Theresa May has been warned that dozens of her own government ministers could resign unless they are allowed to vote against a no-deal Brexit.
Amber Rudd, the work and pensions secretary, has reportedly urged Downing Street to allow Tory MPs a free vote on moves aimed at preventing a no deal, amid fears that a refusal could lead to a number of resignations.
The Times reported that Ms Rudd believes that between 25 and 40 ministers want to vote for an amendment drafted by Labour’s Yvette Cooper and Tory MPs Sir Oliver Letwin and Nick Boles.
The cross-party group of MPs is seeking to give time for a Bill to suspend the Article 50 withdrawal process if there is no new deal with Brussels by the end of February.
The amendment will be debated and voted on in the House of Commons on January 29.
Ms Rudd wants prime minister Theresa May to give Tory MPs a free vote on the motion in order to avoid a mass walkout of government ministers.
A Tory MP told The Times: “Amber is telling Downing Street to make it a free vote on behalf of lots of people.”
On Monday, less than a week after her withdrawal deal was resoundingly defeated, Mrs May told the Commons she would conduct further talks on the controversial Irish border backstop, and promised to give Parliament “a proper say” in negotiations on the future relationship between the UK and EU.
But she refused to rule out a no-deal Brexit and insisted there was no majority in the House of Commons for a so-called People’s Vote.
But Labour wants Parliament to be given the option to back a national poll on Brexit when MPs vote on the government’s EU exit stance next week.
An amendment to the prime minister’s Brexit motion calls for a vote on backing Labour’s plan for a customs union with the EU, and whether to legislate “to hold a public vote on a deal or a proposition” supported by a Commons majority.
Despite Mrs May’s claim that a second referendum could “damage social cohesion”, Labour leader Jeremy Corbyn said the option should be considered.
He said: “Our amendment will allow MPs to vote on options to end this Brexit deadlock and prevent the chaos of a no deal.
“It is time for Labour’s alternative plan to take centre stage, while keeping all options on the table, including the option of a public vote.”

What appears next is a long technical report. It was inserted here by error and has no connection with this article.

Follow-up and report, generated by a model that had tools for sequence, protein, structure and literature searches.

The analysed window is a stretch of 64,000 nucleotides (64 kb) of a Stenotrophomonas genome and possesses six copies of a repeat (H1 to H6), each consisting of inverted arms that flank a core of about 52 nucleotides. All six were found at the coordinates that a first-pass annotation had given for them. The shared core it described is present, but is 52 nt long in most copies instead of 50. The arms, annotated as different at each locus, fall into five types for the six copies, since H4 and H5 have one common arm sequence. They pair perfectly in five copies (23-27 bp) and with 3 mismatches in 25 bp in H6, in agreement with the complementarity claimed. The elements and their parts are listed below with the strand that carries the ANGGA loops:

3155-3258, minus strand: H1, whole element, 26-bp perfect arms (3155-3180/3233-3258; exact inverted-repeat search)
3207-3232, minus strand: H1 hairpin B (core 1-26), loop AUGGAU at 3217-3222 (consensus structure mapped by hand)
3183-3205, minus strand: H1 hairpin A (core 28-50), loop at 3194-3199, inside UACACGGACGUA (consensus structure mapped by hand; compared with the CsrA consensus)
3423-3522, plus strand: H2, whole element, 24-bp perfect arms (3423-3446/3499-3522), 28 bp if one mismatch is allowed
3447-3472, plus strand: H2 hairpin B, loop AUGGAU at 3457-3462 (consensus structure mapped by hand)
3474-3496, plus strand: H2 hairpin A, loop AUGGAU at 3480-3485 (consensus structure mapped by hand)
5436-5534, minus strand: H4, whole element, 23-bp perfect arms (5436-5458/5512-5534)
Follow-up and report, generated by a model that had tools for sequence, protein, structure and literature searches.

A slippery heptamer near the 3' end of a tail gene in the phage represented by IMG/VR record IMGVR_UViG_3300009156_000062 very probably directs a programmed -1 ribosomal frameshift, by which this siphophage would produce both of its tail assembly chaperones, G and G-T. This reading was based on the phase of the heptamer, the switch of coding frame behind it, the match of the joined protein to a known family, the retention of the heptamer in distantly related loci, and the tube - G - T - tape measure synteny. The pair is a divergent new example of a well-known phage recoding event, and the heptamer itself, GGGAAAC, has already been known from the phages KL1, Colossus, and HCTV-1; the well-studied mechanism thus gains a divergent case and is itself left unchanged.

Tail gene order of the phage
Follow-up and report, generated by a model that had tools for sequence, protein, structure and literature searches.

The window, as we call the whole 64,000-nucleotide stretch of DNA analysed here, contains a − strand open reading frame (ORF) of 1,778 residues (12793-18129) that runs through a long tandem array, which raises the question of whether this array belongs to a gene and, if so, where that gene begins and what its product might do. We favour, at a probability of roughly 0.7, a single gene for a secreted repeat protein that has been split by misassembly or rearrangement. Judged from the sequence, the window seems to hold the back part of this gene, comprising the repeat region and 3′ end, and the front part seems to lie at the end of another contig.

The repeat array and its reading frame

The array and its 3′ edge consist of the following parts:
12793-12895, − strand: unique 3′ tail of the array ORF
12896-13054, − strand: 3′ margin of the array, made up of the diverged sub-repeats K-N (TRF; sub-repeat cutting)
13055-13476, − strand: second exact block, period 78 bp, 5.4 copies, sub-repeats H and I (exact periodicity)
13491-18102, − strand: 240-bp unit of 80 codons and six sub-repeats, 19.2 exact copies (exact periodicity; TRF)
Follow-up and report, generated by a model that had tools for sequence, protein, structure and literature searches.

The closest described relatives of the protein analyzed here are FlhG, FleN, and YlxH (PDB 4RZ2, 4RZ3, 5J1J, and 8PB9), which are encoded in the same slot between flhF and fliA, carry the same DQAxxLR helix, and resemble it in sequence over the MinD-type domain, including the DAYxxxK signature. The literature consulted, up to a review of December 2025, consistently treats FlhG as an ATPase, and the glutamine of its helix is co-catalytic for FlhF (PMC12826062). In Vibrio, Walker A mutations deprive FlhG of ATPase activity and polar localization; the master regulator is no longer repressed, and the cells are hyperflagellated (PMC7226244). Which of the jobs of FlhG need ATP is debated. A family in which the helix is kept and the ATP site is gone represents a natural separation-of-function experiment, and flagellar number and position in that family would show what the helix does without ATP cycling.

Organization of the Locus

However, Labour’s amendment was carefully worded and did not explicitly say the party would officially support a second referendum.
In a break from usual parliamentary rules, MPs will be able to amend the so-called “neutral motion” tabled by the prime minister on Brexit, with votes due to take place on amendments chosen by Speaker John Bercow on January 29.
Labour’s Hilary Benn has tabled an amendment to the government motion calling for a range of indicative votes on various Brexit options.
He tweeted: “Just tabled an amendment for next week’s Brexit debate calling for the House of Commons to hold a series of indicative votes on a way forward.”
And Tory former attorney general Dominic Grieve is looking to allow a motion by a minority of 300 MPs – from at least five parties and including 10 Tories – to be debated in order to allow for indicative votes on where to go next.
In a sign of Labour divisions on the issue of a second Brexit referendum, shadow housing minister Melanie Onn said she could not support such a move.
The Great Grimsby MP tweeted: “This may mean that I am required to step down from my front bench housing role if it is a whipped vote.”
However, Chuka Umunna, a prominent supporter of a People’s Vote called for a firmer stance.
He tweeted: “There is always a flurry of excitement when the frontbench acknowledges the obvious – that a People’s Vote may be the only way forward (it is) – but that is not the position adopted by those running the show. Supporting “options” is not a credible or sustainable policy.”
On Monday, Mrs May announced she was scrapping a £65 fee for EU nationals wanting to remain in the UK after Brexit, and promised to guarantee workers’ rights and environmental safeguards.
Irish foreign minister Simon Coveney said Brexit negotiator Michel Barnier had assured him the EU remains “firmly supportive” of the Withdrawal Agreement in full, including its guarantees of no hard border in Ireland.